When Alisson scored Liverpool’s winning goal at the weekend, he gave God all the glory
I was in another room when I heard unusual sounds emanating from the television in my bedroom showing the football match between West Bromwich Albion and Liverpool. I’ve watched enough football matches to know how commentators tend to react to goals, but this time their reaction was different. It was one of utter astonishment. What had happened?
I rushed in to find Liverpool’s Brazilian goalkeeper, Alisson Becker, swamped in a sea of red. Quickly rewinding back, I found out why. The game was in its dying embers and the score was 1-1, doing little for Liverpool’s aim of qualifying for next year’s Champions League. They needed the win, so Alisson did what many goalkeepers do when all else has failed in search of a precious goal - he ventured into the opposition penalty box to be an extra man for a set-piece. And he scored!
To highlight how unusual this is, in the history of the English Premier League - a span covering nearly 30 years - of the nearly 30,000 goals that have been scored, six have been by a goalkeeper. And Alisson is the first to have scored with a header.
God put his hand on my head today
Alisson has never been shy in expressing his Christian faith, and in an emotional post-match interview, the goalkeeper - whose father tragically died in a drowning accident in February - again touched upon this: “God put his hand on my head today,” he said to Sky Sports, before thanking people from the footballing world who provided support following his father’s death: “This is the way God loves us, through people.”
It was striking how much the goal meant, not only to Alisson but also his teammates. Their disbelief at the goal was equalled only by their joy for him, which is a testament to how much he means to them both on and off the football field. His manager, Jurgen Klopp - who has also spoken openly about his own Christian faith - touched upon this in his own post-match interview: “The way his teammates [celebrated] showed today how much they care for him,” Klopp said. “He’s a wonderful, wonderful person. Funny, smart, thoughtful, intense in moments. He’s just a great guy. A special moment like that couldn’t have happened to a better person.”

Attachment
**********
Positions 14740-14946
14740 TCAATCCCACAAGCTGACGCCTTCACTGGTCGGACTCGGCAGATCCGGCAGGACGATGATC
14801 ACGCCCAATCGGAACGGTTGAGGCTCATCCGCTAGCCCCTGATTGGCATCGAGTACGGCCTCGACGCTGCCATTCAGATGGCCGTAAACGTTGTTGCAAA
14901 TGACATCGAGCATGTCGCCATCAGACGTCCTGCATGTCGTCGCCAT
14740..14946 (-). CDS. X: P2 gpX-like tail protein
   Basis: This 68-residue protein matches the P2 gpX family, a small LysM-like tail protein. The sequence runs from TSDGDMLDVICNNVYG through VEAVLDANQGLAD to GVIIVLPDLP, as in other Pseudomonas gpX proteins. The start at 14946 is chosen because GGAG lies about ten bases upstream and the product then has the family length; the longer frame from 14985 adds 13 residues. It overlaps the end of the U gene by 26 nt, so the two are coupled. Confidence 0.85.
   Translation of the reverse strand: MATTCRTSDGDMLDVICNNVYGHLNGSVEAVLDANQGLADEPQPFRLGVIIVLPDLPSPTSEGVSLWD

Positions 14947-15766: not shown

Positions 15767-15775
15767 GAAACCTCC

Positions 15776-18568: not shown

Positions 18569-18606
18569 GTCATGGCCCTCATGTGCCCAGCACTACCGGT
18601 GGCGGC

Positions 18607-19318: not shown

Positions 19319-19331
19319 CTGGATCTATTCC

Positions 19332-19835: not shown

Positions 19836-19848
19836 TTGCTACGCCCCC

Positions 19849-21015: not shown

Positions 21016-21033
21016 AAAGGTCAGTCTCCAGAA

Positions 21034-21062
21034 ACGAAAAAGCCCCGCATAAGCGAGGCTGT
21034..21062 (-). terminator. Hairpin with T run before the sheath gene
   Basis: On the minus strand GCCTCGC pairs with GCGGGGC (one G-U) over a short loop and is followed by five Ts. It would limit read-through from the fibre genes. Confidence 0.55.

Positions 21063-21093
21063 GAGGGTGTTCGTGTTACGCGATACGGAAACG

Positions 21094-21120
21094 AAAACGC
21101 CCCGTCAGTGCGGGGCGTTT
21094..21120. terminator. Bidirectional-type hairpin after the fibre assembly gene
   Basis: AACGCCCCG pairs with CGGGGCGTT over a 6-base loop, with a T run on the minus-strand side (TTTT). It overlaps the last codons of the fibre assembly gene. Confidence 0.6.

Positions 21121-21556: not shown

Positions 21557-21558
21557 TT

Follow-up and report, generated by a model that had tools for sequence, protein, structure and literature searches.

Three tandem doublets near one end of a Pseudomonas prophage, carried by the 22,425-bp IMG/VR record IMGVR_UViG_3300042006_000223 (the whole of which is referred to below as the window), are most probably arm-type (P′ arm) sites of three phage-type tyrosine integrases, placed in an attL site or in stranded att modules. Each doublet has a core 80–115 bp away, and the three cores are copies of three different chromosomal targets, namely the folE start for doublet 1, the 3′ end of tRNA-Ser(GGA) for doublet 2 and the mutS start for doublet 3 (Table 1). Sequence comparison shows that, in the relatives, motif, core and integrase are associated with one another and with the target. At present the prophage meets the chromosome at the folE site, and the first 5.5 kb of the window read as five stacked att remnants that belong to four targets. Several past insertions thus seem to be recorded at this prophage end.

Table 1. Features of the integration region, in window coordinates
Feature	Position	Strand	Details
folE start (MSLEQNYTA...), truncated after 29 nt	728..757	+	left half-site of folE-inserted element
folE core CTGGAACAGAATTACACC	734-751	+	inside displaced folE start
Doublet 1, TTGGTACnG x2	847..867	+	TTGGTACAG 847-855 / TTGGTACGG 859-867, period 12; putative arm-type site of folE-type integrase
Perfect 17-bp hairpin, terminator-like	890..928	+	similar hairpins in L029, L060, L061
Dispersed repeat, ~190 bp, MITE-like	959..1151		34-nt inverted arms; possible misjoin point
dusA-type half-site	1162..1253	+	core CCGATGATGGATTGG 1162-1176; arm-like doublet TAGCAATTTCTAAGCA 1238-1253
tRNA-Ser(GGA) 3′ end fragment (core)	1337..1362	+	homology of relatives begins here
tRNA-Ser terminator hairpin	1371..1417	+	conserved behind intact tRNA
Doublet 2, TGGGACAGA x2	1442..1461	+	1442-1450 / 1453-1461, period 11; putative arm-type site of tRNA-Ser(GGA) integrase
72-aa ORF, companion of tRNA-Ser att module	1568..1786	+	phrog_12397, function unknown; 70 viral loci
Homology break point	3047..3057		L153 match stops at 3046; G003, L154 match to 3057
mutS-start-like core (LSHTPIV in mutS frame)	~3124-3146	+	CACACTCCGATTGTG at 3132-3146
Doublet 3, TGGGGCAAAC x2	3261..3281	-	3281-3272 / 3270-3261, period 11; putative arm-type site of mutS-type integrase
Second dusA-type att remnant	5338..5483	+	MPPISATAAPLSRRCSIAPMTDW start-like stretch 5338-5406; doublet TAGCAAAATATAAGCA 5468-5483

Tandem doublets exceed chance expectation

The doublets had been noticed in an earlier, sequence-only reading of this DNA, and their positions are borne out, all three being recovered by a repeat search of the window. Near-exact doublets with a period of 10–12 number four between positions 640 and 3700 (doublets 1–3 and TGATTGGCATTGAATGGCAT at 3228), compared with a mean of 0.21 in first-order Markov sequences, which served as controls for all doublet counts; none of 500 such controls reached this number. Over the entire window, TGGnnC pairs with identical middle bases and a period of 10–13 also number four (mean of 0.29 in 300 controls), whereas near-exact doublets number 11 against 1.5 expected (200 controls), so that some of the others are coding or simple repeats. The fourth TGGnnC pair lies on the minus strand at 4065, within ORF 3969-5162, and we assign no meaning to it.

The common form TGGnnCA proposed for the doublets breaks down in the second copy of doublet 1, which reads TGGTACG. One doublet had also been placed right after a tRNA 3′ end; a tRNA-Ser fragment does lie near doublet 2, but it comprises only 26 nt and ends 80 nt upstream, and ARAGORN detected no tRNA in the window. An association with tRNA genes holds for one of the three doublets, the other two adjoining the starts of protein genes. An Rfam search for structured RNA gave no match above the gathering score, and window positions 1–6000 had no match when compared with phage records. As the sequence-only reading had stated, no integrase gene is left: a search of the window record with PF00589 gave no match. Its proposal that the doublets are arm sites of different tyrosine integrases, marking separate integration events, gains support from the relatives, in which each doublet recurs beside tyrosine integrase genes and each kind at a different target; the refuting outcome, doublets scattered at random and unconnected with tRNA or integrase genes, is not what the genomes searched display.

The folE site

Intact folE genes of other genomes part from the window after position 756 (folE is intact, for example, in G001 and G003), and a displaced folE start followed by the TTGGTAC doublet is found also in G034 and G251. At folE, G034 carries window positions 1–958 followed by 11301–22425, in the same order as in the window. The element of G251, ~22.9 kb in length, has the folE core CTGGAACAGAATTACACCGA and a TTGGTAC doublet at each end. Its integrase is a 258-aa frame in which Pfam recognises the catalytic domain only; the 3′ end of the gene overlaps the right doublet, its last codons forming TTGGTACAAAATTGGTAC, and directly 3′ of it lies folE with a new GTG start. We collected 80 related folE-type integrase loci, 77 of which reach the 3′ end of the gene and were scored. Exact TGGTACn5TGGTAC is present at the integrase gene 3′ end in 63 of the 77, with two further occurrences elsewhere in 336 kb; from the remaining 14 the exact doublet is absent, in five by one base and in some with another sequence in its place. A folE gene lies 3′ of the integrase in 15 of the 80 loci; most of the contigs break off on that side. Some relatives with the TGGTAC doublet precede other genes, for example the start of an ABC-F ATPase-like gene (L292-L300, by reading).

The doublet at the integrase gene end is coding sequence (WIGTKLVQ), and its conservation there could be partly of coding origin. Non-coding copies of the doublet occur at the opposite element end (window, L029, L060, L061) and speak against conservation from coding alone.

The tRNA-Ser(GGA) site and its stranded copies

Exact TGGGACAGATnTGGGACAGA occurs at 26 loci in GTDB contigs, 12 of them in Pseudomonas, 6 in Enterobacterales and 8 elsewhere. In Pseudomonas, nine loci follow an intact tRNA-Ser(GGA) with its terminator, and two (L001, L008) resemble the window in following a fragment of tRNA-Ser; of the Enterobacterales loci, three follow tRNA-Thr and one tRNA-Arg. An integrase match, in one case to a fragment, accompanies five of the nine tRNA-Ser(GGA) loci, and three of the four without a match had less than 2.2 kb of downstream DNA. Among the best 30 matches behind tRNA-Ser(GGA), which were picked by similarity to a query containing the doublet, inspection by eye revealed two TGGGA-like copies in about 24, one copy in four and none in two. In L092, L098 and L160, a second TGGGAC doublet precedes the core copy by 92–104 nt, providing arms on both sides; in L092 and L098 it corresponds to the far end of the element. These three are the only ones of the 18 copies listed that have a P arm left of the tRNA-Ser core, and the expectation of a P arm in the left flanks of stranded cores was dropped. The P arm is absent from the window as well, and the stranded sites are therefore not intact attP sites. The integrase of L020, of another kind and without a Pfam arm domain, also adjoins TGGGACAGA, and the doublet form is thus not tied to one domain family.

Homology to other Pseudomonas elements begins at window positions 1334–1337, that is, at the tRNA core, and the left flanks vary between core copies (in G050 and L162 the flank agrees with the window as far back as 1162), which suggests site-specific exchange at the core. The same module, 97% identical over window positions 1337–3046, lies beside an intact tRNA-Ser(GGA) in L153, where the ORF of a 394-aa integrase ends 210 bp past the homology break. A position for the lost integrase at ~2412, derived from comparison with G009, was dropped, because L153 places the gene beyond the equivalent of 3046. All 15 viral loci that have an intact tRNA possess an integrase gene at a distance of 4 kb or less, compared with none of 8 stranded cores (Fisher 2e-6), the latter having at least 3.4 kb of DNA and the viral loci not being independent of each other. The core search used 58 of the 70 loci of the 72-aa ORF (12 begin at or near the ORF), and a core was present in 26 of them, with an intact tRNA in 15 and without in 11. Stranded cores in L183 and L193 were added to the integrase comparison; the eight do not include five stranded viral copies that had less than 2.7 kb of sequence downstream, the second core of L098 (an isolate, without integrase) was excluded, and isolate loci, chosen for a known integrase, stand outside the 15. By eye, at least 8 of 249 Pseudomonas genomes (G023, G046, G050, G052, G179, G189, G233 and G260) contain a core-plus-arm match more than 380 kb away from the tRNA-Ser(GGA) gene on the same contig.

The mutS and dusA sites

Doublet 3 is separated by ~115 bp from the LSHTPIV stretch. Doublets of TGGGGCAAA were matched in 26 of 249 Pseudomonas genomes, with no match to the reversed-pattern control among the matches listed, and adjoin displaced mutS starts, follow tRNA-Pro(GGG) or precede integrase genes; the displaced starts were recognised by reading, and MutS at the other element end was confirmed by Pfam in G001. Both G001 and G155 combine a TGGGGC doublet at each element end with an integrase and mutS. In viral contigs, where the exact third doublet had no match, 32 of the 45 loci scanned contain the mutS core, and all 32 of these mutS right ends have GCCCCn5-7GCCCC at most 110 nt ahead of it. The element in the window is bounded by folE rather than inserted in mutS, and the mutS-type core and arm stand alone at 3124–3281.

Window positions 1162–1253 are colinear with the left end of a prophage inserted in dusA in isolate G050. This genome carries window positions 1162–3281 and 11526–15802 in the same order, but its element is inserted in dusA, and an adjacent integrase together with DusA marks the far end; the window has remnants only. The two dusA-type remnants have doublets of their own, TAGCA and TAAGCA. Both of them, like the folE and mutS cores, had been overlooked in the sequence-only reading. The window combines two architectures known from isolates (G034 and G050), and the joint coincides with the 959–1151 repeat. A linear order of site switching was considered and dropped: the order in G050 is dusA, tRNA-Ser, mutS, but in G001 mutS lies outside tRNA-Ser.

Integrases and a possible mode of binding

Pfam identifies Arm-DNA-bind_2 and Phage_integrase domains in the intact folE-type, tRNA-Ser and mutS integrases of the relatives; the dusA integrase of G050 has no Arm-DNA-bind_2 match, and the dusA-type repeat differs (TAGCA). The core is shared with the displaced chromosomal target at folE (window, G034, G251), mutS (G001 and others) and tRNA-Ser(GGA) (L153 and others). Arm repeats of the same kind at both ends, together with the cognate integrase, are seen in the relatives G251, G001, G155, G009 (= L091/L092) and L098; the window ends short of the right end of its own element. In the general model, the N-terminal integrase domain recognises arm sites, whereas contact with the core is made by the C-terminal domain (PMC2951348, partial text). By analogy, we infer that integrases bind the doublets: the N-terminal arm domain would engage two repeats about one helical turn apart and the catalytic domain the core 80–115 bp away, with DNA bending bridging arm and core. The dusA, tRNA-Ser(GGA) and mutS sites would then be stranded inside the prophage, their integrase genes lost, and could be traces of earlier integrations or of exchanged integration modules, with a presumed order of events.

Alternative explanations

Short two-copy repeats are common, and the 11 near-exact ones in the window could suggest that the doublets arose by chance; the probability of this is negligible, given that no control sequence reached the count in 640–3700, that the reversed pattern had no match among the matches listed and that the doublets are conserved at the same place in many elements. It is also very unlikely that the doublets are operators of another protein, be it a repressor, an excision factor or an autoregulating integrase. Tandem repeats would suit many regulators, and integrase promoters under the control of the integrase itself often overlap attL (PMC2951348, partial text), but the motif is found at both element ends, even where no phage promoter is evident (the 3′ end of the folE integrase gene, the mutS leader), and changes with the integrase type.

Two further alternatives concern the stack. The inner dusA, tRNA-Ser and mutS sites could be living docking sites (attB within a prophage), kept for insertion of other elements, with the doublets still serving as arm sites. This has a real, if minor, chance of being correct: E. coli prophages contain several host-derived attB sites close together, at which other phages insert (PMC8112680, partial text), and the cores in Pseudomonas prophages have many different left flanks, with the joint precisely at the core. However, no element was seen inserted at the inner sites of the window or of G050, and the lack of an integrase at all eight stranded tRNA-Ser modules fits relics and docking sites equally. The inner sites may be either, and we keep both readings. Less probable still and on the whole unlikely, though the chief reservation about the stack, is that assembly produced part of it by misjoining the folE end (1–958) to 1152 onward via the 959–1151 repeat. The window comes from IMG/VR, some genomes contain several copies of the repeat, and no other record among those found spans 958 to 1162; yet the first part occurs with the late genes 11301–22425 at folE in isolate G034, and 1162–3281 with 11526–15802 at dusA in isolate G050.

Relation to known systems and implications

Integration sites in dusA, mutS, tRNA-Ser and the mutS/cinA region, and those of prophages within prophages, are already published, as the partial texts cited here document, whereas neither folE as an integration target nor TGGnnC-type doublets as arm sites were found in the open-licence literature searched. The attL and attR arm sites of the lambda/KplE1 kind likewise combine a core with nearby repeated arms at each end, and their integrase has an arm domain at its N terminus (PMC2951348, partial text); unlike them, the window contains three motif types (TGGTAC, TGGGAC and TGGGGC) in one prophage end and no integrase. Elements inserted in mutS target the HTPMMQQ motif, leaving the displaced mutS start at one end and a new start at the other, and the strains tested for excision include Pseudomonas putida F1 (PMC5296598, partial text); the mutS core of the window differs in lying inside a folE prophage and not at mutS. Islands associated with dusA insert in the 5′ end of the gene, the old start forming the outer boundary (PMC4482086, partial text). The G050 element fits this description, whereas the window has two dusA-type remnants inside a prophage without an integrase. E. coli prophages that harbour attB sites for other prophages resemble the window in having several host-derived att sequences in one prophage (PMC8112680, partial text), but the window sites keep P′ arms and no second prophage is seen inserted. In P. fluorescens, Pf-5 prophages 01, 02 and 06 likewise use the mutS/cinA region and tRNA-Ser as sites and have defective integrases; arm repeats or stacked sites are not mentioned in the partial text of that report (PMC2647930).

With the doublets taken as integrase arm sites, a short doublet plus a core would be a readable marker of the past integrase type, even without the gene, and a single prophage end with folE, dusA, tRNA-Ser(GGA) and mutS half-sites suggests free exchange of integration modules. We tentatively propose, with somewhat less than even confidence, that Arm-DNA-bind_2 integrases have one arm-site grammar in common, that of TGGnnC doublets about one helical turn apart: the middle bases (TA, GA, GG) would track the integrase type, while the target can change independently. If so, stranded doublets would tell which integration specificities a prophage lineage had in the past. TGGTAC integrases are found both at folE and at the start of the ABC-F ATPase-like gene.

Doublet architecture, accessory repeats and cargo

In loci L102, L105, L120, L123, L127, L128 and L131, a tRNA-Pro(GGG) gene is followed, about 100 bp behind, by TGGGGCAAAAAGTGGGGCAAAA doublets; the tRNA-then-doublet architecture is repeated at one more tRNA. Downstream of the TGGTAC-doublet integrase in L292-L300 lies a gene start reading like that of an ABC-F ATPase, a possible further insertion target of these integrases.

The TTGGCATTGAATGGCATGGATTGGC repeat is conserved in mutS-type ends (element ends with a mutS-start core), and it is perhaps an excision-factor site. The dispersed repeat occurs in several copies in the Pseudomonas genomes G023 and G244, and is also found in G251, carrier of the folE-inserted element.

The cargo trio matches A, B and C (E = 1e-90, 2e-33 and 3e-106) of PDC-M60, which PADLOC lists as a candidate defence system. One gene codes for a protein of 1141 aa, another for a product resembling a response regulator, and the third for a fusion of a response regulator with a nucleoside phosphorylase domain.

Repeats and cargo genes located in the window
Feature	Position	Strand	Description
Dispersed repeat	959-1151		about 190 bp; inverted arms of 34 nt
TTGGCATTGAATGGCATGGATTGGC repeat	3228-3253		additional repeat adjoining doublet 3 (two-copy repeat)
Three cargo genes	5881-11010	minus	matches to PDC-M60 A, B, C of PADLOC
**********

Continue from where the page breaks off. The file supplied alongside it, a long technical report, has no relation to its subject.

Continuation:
Baptisms, Hillsong and social media
One teammate Alisson is especially close to is Brazilian compatriot Roberto Firmino, who last year shared a video of him being baptised by Alisson with his 13 million Instagram followers. At the same ceremony, held at the goalkeeper’s home, Alisson and his wife also baptised Monique Salun, the wife of Manchester United midfielder Fred - arguably a bold move given the bitter rivalry between the two clubs
Afterwards, the goalkeeper shared a photo of the baptisms and wrote: “What God did for us on the night of 14/01/2020 we will never forget!! I’m still speechless to describe Jesus’ love! Very happy to have participated in a moment like this, the baptism of people I love so much! Thank you so much Jesus, I love you!!!”
In recent years, the goalkeeper has enjoyed plenty of success on the football field, and it’s not unusual for his celebrations to be accompanied by expressions of his faith. When Liverpool won the Champions League in 2019, he wore a t-shirt with a cross and a heart drawn on it.
The logo is associated with Hillsong church, which it is believed that Alisson attends. Later that summer, on winning the Copa America with Brazil, he posted a picture on Instagram of him holding the trophy with the caption: “Thanks, God!” Meanwhile, his Instagram bio reads “Deus é amor!” meaning “God is love!”, while his Twitter one says: “Belong to Jesus”.
Blessing and honour
Opposition fans may wince at the sight of players thanking God when their team wins. Those of a West Bromwich Albion persuasion (or Chelsea and Leicester, given how the final result affects them) would possibly not be quick to celebrate or agree with the idea that God touched Alisson’s head to score the goal.
But the nature of football is that teams cannot always win. At different times, teams and players take it in turn to enter the spotlight. This weekend it was Alisson’s turn. And perhaps, in the blessing this was to Alisson, there was also reward: “Those who honour me I will honour,” God said in 1 Samuel 2:30. This verse was given to Eric Liddell on a handwritten note before he won the 400m race at the 1924 Olympics – after refusing to run in the qualifying heats for the 100m race because they were on a Sunday.
In the high-profile world of football, Alisson has faithfully honoured God. At the weekend, God honoured Alisson. As it says in Romans 12:15, that’s something we can all celebrate with him, regardless of our football allegiances.